Saturday, January 26, 2008



Minto Roy, President and CEO of Premier Career Management Group

1. If you are a recent graduate, don’t buy into the traditional salary increase mindset. You know the one: graduate university, get a position at 30-35K, and work hard to get an increase to 50K after a few years. Find a way into management after 5 years and slide into the 75K level. Then, after 10 years of working like a dog, helping the company grow, you make it into sr. level management at 100K and then hope like hell to stay there for the final 20 years. Retire. This is complete nonsense. Professionals from 25-35 should realize that with a tactical internal and external marketing strategy of their skills and a great intra-company career plan, they can make major leaps in career growth and income in this red-hot labor market.
2. Learn to deal with and ignore those around you that think six figures is a lot of money. The nay-sayers and that often includes family and friends who attempt to rationalize why it’s too tough, or that you’ll have to forfeit your personal life and sell your soul for higher bracket incomes. Most people under six figures think that professionals in the higher brackets only chase money. In fact most high achievers that I deal with know that we ”chase time not money”!

3. You got to six figures with your drive and a plan to get there, but after reaching it, you must create and set higher income targets. You don’t stay at a 100K by wanting to make the exact same amount next year. Shoot higher, two hundred thousand or go way beyond and start thinking and believing you can earn seven figures.

4. Start surrounding yourself and networking with higher bracket professionals. Unfortunately if you are the highest earner in your peer group, then it becomes more difficult to sustain the information edge and strategic edge to maintain and grow your income and career. I’m not saying ditch your friends, I’m saying find higher bracket colleagues to support and exchange ideas with regularly.

5. It’s crucial to develop your network more than ever after making to the higher bracket of income. Companies looking for talent at this level need to see more than just education, skills and achievements. They want professionals that have built and can access and integrate their network within the growth plans of their business. If you don’t have a strong accessible network, then start building relationships to support and, hence, support you.

6. You need to work on soft skills: Likeability, candor, perseverance, managing confrontation, duplication, emotional intelligence and more. These skills are extremely misunderstood and overlooked when assessed by mid-level HR departments. However, these are some of the most coveted characteristics required to move up the corporate ladder.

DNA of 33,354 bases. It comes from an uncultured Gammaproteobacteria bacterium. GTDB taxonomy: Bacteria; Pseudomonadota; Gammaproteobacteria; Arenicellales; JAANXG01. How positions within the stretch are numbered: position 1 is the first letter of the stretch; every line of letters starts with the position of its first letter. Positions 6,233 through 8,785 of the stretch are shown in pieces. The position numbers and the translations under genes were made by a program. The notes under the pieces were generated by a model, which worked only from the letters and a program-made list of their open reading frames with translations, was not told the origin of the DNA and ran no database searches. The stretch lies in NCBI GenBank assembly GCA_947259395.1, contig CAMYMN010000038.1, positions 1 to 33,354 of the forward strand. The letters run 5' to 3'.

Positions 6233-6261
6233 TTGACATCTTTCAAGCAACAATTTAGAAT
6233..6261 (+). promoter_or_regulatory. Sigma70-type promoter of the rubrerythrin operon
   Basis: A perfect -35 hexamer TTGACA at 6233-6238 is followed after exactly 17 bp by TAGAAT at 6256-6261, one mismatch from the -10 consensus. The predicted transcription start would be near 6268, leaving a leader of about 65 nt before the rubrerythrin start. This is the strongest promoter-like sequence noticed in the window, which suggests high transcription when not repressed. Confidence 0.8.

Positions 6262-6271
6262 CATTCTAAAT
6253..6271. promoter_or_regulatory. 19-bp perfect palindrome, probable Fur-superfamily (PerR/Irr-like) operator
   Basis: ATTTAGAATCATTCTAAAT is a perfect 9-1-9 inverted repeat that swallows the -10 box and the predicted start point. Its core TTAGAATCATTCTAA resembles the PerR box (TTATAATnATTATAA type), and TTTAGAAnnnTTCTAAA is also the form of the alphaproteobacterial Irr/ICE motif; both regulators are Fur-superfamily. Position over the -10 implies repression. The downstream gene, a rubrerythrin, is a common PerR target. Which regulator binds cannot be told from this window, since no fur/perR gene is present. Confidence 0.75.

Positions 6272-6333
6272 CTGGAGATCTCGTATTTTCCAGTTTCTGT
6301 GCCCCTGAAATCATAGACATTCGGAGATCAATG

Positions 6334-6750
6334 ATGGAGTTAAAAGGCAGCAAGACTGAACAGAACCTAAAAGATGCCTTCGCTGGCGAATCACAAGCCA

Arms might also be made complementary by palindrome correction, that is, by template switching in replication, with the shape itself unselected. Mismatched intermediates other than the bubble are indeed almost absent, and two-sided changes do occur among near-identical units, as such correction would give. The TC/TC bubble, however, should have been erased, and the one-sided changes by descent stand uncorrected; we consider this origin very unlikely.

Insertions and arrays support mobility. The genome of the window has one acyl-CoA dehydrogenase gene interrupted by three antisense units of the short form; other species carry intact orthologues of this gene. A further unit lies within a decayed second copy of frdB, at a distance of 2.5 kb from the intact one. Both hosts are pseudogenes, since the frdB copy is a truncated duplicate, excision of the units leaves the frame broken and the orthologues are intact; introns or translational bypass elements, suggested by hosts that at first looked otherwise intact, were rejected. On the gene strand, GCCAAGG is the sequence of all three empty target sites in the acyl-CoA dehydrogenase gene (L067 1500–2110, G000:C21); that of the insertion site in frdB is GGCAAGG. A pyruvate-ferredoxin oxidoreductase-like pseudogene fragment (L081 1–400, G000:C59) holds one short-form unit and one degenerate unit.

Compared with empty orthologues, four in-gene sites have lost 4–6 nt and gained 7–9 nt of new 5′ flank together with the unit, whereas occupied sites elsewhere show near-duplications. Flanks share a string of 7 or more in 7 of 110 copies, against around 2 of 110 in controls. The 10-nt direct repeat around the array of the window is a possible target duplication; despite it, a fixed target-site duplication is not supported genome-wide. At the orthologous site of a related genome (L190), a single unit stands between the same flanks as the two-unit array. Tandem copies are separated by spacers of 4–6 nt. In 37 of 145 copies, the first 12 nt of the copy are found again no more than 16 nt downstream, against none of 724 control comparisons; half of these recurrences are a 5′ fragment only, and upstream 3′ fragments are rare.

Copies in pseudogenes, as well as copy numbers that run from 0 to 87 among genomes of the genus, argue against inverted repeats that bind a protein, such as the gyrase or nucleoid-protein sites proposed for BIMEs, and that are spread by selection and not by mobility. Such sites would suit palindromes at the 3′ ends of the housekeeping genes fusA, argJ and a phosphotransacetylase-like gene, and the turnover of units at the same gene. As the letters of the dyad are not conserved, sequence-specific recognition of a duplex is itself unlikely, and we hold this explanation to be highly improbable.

7. Consider who you take career advice from. Respectfully, most people seek career advice from family, friends and acquaintances. These people might have the best intentions. But do they have the time, resources and expertise to dispense advice that you can use and implement? Will they be accountable to deal with the end-results of their advice? If one of your goals is to reach and remain in the higher income world then make sure you have fun with your family and friends but take career advice from an expert who has been in the higher bracket and has helped others succeed.

Minto Roy

Minto also hosts the Careers Today weekly radio show every Saturday on CFUN 1410am or online at

Minto Roy is the President and CEO of Premier Career Management Group and the host of Canada’s only recruitment radio program, Careers Today, one of the top-rated shows in the BC market. His pragmatic style, combined with a natural ability to motivate people, provides a strong foundation in “Revolutionizing the World of Work.” Minto brings more than a decade of experience in career management and has worked with thousands of clients advising them on their career search and career plans. Minto is a much sought-after speaker and media commentator and has featured on CBC TV, CBC Morning Radio and various Channel M features on immigrant employment. Minto provides expert commentary on employment issues and trends and has been a resource for the National Post, Globe and Mail, Vancouver Province and Toronto Star. Minto is also a regular columnist for the Canadian Immigrant Magazine and the Vancouver View Magazine.

Want to ask Minto a six figure question? He can be reached at

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